Republicans on Tuesday nominated their most controversial Senate candidate yet—a far-right Trump supporter who has built his political career around his defense of Confederate monuments. Corey Stewart, the chairman-at-large of the Prince William County board of supervisors, narrowly defeated Virginia House of Delegates member Nick Freitas in the GOP primary to take on Sen. Tim Kaine (D).
Stewart rose to national prominence last year during Virginia’s Republican primary for governor, when the Minnesota native spent the campaign defending Southern “heritage,” vowing to preserve Confederate statues. Over the course of the race, he equated politicians who had advocated for removing Confederate monuments with ISIS.
I will always fight to protect Virginia's Heritage and History! Retweet if you will too! #TakeBackVA #TeamCorey pic.twitter.com/mYqnUJ04A4
— Corey Stewart (@CoreyStewartVA) April 25, 2017
Stewart made several appearances in early 2017 with Jason Kessler. Later that year, Kessler organized of the Charlottesville, Virginia, “Unite the Right” rally, in which white supremacists joined other far-right protesters to oppose the removal of a statue of Robert E. Lee while chanting, among other things, “Jews will not replace us” and “white lives matter.” After a white supremacist killed a counter-protester, President Donald Trump blamed “both sides” for the violence. Stewart echoed that view, blaming “half the violence” on the counter-protesters.
Stewart’s run for Senate mirrored much of the rhetoric of his gubernatorial run. As Mother Jones‘ Tim Murphy reported from a Stewart campaign event last fall, Stewart gave a speech in which he said Democrats “fall into four basic categories: criminals, communists, crackheads, and weirdos.” He attempted to equate Antifa, the left-leaning anti-fascism movement whose members have sometimes engaged in street violence:
Stewart, whose own monuments cause has been embraced by white supremacists, cast Antifa as a wing of the Democratic Party. He accused Antifa of attempting to bomb a Confederate reenactment in Winchester in October—an investigation into a reported pipe bomb is ongoing but no motive or suspects have been identified—and then blasted Northam and Fairfax for failing to denounce the plot.
It was part of a general lawlessness within the Democratic Party, he said. “They absolutely love criminals,” he said, warning that Northam would turn Virginia into a sanctuary state (an idea Northam has rejected outright) and, in Trump fashion, recounting a years-old murder in Virginia Beach in which the criminal had been undocumented. “And did you know that this criminal alien scumbag has still never been brought to justice?”
At one point, someone shouted out that Democrats were “neo-fascists,” and Stewart agreed. “The neo-fascists, by the way, are the Democrats!” Stewart said. “They really are.”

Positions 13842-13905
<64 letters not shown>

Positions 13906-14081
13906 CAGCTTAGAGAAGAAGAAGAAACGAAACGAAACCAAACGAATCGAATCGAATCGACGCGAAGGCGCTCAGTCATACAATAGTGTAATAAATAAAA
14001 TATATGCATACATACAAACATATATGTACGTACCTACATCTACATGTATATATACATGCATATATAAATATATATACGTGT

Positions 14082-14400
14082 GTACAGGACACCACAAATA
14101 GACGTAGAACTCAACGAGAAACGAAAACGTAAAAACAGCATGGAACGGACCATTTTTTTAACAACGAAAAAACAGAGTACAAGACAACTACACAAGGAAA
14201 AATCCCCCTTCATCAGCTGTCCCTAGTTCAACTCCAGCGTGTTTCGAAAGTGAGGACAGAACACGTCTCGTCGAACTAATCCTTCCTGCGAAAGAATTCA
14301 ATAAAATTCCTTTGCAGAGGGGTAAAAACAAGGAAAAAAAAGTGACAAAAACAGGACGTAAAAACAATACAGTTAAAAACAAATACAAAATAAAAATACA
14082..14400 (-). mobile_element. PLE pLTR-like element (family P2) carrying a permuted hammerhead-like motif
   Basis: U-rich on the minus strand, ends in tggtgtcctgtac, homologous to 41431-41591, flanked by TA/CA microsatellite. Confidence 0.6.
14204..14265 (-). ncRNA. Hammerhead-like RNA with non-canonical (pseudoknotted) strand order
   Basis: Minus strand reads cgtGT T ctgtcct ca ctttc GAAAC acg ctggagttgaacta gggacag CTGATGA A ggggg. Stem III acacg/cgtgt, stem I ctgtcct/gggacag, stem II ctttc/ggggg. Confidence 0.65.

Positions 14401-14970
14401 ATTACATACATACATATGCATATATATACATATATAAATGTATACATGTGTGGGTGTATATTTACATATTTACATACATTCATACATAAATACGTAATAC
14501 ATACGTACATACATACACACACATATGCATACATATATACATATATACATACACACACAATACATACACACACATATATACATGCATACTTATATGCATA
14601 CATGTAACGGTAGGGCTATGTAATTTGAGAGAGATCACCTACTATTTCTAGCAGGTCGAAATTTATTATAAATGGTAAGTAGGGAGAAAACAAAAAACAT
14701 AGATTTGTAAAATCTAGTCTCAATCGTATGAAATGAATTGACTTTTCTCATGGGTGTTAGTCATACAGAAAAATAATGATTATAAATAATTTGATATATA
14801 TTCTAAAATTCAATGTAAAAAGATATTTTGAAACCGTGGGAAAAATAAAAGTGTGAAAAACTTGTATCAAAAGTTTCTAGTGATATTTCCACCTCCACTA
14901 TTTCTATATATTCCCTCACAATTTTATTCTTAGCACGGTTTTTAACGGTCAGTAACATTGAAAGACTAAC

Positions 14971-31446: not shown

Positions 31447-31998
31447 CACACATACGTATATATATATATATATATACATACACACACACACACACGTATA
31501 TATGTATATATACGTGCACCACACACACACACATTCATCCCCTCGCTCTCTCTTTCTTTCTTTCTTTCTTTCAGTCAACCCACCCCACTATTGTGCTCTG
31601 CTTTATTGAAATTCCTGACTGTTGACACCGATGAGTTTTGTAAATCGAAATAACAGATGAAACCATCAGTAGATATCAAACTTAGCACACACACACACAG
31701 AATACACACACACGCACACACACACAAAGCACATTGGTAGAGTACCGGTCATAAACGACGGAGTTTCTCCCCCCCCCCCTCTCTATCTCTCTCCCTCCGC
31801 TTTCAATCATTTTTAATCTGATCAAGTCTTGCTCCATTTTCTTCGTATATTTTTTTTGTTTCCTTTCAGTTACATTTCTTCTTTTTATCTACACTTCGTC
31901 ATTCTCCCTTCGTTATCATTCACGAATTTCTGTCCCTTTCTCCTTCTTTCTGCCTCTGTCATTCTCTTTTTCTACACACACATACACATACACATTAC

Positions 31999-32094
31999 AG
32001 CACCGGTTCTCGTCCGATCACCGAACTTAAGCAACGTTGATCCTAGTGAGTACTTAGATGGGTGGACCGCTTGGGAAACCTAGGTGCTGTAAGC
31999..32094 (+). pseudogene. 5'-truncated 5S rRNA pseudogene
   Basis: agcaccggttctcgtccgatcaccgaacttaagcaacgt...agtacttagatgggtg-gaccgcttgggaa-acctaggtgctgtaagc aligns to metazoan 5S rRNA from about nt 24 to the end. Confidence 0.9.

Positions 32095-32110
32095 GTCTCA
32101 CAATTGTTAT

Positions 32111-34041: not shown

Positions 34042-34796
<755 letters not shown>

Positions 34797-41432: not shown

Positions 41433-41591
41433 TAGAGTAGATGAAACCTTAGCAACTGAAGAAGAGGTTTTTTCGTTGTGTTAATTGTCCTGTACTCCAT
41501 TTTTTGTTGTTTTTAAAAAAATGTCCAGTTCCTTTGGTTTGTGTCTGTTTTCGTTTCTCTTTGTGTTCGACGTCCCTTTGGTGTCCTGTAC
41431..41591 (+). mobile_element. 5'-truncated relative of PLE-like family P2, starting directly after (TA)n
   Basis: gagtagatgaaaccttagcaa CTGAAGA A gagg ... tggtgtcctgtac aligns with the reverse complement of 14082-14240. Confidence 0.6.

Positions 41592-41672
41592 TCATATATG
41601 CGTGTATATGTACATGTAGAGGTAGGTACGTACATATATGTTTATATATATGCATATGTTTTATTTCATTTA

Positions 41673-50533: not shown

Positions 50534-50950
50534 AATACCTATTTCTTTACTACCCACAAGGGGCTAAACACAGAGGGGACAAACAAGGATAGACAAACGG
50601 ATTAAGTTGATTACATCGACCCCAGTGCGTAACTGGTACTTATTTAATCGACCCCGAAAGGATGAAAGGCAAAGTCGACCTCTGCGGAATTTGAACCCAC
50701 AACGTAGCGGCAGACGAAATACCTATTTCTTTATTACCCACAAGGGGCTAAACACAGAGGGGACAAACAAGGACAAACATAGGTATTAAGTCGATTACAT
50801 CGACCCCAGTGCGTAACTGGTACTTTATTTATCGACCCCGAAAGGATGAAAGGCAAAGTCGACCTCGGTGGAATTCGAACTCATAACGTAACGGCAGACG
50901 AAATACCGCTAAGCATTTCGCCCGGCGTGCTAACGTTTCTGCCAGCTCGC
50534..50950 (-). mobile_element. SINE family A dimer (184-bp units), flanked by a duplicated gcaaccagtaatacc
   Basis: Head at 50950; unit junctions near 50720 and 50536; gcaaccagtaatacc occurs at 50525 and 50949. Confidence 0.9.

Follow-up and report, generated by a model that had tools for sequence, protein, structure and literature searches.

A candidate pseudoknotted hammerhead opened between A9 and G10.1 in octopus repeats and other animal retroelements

At his victory party at a riverside bar in Prince William County Tuesday night, Stewart returned to these familiar themes. When he mentioned “Hillary Clinton’s running mate Tim Kaine,” the audience erupted with a “Lock her up!” chant and cries of “Antifa Kaine.”
.@CoreyStewartVA is playing the hits. When he says “Hillary,” his supporters say: pic.twitter.com/Mi7FGtUM7M
— Kara Voght (@karavoght) June 13, 2018
Stewart also described an America under siege from undocumented immigrants, faulting them for “suppressing wages, taking jobs, [and] committing crimes.” He offered a defense of Trump’s characterization of the international gang MS-13 from earlier this year, telling the crowd, “By the way, they are animals.” His supporters evidently agreed; they chanted, “Build the wall!”
Rhetoric along these lines sparked controversy throughout the race, leading Freitas to characterize Stewart and his supporters as “hate mongers” during the final days of the campaign. The Virginia GOP had initially sought an alternative to Stewart after last year’s sweeping losses in the governor and statehouse races. But this month, the party came to Stewart’s defense, with state chairman John Whitbeck saying, “If there were firm evidence of white nationalist sympathies, I would publicly ask any such candidate or official to resign.”
Despite the state party’s defense of Stewart, his nomination could cause headaches for Republicans facing hotly contested races in November. As of Wednesday morning, the National Republican Senatorial Committee had yet to congratulate Stewart on his primary win, even though it had done so for Sen. Dean Heller (R-Nev.) and Rep. Kevin Cramer, who will challenge North Dakota’s Democratic Sen. Heidi Heitkamp.